The investigations of worth in suspected bowel obstruction include:
- routine bloods for any disturbances caused by the obstruction
- abdominal radiographs:
- supine - may show which piece of gut is obstructed
- erect - may show fluid levels
A radiological diameter of the caecum of 12 cm or more implies that the ileocaecal valve is still patent, i.e. the increased pressure in the large intestine has not decompensated into the small intestine. This is a poor sign, and implies that there is imminent danger of rupture.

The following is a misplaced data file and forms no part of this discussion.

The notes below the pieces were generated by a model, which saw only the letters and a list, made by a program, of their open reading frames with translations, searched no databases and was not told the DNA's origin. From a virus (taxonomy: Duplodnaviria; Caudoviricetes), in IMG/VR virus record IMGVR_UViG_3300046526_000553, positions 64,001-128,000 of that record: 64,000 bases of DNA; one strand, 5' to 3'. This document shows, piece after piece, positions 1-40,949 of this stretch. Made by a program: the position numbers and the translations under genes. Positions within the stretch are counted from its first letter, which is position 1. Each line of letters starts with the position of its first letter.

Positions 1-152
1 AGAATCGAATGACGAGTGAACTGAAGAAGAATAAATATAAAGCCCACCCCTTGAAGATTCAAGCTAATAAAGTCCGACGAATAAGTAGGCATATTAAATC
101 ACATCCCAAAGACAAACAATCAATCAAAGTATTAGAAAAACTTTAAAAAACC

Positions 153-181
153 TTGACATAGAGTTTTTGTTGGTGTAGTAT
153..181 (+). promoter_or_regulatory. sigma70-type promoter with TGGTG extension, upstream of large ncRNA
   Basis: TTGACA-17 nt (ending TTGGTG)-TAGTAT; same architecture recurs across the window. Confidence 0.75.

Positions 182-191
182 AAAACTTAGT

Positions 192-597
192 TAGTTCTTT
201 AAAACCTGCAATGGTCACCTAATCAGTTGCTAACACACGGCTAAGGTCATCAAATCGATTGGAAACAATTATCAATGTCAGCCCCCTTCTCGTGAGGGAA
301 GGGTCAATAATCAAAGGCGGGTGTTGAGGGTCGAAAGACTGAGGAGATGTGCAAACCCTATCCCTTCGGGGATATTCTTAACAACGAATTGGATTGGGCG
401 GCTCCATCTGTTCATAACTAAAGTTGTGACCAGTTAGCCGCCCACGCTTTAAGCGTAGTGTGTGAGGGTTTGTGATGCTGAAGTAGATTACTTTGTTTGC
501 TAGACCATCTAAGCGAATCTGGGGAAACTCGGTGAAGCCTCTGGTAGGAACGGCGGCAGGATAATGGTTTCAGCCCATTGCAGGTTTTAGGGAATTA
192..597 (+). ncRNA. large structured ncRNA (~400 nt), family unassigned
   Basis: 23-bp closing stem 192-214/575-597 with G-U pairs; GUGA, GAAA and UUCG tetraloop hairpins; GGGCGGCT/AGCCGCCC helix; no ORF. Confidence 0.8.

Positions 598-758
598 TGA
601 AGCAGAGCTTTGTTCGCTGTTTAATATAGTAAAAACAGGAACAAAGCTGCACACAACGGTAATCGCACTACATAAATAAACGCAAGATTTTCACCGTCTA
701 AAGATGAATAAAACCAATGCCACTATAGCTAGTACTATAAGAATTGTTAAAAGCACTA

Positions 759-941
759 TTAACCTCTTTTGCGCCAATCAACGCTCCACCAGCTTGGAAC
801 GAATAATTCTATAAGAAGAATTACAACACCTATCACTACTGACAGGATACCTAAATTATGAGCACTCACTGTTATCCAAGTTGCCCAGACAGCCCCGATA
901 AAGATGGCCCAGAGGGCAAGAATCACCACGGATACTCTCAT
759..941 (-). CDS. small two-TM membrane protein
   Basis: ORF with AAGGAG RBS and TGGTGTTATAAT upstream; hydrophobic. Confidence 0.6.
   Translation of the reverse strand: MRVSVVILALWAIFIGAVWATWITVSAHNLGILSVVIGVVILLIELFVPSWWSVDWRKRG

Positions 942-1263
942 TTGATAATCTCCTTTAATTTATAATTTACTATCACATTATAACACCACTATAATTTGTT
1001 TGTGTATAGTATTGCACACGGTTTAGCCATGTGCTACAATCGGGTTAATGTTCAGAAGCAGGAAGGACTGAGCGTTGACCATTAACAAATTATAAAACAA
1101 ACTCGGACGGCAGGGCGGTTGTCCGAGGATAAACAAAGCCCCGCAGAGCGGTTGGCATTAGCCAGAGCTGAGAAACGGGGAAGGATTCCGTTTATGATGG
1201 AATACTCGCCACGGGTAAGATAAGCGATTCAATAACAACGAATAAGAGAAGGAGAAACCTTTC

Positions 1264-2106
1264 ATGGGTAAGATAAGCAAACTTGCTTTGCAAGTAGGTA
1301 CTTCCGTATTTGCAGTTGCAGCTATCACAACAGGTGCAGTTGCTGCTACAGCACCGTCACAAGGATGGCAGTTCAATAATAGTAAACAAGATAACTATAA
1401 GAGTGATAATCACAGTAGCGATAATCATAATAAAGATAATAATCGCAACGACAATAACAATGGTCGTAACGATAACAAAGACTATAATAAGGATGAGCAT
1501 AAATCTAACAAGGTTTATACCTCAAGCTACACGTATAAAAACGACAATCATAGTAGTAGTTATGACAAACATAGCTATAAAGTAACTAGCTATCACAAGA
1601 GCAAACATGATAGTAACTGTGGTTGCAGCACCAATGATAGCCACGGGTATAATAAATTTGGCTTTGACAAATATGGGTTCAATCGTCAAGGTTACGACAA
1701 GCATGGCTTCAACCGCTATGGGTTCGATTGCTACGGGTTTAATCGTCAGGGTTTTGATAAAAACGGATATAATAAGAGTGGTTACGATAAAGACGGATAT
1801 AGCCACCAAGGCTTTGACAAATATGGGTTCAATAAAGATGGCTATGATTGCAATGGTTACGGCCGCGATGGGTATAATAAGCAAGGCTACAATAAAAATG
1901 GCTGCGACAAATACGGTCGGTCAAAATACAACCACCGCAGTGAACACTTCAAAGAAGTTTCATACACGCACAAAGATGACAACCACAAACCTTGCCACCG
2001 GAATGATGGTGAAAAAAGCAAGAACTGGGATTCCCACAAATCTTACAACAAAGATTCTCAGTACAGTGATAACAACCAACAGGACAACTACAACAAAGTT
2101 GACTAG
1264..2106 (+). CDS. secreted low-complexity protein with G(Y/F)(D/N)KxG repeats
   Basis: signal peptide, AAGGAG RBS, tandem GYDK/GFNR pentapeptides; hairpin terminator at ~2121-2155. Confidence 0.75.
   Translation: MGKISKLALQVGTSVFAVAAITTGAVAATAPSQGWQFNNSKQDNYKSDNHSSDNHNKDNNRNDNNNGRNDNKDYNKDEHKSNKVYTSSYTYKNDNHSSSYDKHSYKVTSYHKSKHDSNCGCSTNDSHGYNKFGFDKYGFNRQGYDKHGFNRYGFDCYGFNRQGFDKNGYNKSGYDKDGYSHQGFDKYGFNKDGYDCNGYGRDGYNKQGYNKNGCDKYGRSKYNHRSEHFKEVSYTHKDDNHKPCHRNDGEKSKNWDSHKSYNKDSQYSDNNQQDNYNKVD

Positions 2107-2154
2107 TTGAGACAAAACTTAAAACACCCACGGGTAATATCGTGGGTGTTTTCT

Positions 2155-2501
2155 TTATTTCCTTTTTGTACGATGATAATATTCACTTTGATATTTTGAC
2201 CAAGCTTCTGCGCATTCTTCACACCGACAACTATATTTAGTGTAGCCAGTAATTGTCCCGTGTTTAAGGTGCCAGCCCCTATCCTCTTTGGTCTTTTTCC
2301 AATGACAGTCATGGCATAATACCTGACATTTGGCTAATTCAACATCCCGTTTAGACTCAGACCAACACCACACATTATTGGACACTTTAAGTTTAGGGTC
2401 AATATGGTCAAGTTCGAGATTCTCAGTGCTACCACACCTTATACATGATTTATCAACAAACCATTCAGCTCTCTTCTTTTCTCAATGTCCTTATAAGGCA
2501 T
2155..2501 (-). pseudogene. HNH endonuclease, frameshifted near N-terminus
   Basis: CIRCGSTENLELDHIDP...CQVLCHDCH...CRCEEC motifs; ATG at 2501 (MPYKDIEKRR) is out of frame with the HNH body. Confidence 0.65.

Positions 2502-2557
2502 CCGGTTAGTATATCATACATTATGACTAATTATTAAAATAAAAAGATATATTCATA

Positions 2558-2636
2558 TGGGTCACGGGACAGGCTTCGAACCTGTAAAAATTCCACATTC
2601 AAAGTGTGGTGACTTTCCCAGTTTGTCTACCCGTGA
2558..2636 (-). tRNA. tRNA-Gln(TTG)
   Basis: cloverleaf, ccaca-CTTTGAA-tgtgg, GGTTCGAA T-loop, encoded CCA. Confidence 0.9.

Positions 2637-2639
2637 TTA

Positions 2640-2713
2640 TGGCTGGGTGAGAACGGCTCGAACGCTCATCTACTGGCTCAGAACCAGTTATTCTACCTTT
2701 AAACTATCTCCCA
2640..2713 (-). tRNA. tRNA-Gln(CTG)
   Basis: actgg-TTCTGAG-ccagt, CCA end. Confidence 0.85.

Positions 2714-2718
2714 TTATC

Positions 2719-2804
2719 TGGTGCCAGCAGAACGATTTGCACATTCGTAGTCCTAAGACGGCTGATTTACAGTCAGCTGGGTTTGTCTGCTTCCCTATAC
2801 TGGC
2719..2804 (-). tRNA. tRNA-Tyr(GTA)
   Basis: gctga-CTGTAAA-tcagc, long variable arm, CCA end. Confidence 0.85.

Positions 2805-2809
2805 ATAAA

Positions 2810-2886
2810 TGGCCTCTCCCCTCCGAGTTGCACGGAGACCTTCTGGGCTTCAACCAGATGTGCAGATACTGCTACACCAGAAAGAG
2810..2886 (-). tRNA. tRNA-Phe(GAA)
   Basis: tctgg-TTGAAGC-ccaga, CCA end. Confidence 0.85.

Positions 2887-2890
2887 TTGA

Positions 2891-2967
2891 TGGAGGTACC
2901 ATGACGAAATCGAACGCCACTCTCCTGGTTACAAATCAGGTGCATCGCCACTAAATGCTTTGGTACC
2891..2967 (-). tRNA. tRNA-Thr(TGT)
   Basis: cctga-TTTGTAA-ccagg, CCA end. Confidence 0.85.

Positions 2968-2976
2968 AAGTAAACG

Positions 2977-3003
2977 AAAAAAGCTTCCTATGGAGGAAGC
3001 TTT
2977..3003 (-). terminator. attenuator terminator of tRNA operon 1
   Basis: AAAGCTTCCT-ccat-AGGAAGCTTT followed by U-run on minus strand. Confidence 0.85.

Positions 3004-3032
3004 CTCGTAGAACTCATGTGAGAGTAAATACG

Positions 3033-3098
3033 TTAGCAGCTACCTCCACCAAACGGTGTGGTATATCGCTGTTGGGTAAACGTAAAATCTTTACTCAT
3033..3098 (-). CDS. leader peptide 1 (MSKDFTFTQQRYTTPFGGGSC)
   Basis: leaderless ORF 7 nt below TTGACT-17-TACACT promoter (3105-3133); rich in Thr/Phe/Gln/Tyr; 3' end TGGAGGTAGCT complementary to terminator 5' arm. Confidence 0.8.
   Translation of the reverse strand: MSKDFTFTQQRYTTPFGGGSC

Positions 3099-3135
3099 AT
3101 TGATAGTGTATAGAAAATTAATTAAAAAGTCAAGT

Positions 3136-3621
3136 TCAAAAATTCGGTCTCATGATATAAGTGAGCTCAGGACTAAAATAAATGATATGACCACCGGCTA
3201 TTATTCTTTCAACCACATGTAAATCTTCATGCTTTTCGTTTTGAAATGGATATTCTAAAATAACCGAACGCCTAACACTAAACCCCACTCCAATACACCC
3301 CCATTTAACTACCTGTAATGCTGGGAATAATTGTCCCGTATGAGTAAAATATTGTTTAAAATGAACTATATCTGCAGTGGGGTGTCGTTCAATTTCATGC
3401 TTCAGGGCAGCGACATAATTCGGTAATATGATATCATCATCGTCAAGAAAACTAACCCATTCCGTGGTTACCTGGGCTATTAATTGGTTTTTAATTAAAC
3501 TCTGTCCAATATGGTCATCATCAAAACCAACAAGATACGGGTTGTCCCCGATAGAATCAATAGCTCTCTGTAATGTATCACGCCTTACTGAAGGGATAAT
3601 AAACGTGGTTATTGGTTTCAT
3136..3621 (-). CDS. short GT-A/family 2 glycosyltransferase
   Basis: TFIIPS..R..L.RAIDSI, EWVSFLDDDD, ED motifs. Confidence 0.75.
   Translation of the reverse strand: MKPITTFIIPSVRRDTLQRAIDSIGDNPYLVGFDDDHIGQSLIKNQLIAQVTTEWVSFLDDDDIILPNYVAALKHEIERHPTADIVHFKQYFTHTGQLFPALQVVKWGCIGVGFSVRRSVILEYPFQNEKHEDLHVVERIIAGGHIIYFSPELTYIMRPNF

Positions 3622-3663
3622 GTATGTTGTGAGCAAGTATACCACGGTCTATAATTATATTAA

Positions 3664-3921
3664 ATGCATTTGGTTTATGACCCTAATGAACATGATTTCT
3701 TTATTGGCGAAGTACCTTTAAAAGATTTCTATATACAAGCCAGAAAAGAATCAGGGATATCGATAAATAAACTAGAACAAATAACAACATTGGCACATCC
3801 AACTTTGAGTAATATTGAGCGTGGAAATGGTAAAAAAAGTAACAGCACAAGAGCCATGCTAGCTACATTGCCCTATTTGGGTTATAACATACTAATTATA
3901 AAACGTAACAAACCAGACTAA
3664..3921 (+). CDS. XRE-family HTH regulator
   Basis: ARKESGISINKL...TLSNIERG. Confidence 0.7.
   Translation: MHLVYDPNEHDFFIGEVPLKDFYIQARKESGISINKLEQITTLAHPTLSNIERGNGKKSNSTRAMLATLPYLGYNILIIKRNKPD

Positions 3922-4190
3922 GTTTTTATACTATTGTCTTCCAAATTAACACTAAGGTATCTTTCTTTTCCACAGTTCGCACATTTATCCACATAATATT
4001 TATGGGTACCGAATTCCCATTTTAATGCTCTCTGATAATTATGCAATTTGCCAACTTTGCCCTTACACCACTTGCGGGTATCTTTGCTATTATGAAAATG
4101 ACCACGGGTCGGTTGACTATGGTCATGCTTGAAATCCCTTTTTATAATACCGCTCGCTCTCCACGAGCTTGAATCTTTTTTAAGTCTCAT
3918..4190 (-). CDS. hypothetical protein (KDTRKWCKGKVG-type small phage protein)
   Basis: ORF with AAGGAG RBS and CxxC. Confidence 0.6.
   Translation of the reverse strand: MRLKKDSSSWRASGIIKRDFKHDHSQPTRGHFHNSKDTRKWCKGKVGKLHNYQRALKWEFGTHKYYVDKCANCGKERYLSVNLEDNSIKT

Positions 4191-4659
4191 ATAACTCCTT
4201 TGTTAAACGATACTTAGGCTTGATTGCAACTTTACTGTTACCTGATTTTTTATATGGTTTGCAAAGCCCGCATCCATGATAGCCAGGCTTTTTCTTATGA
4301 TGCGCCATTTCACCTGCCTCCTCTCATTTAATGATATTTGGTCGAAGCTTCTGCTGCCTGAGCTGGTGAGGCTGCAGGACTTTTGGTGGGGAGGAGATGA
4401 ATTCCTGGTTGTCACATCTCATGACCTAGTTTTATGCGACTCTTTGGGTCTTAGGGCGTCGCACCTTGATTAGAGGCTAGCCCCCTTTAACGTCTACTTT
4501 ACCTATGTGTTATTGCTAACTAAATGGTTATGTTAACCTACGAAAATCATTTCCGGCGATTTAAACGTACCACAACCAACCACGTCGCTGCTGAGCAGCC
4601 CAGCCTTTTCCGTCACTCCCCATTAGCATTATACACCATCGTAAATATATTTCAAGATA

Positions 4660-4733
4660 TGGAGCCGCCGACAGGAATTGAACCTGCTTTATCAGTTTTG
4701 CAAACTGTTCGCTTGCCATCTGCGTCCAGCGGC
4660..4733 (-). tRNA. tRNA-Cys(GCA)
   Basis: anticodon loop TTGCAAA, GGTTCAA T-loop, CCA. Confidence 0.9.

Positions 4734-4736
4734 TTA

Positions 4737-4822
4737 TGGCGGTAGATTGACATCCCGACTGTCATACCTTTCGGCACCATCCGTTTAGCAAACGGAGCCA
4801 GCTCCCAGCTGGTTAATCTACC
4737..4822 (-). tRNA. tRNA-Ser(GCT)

In large bowel obstruction of a less acute onset, a barium enema may help to demonstrate the nature of the obstructing lesion.
Note that in a small percentage of intestinal obstructions there is no abnormality seen on plain abdominal X-ray. This occurs when the bowel is completely distended with fluid in a closed loop and without the fluid levels produced by coexistent gas.
Last reviewed 01/2018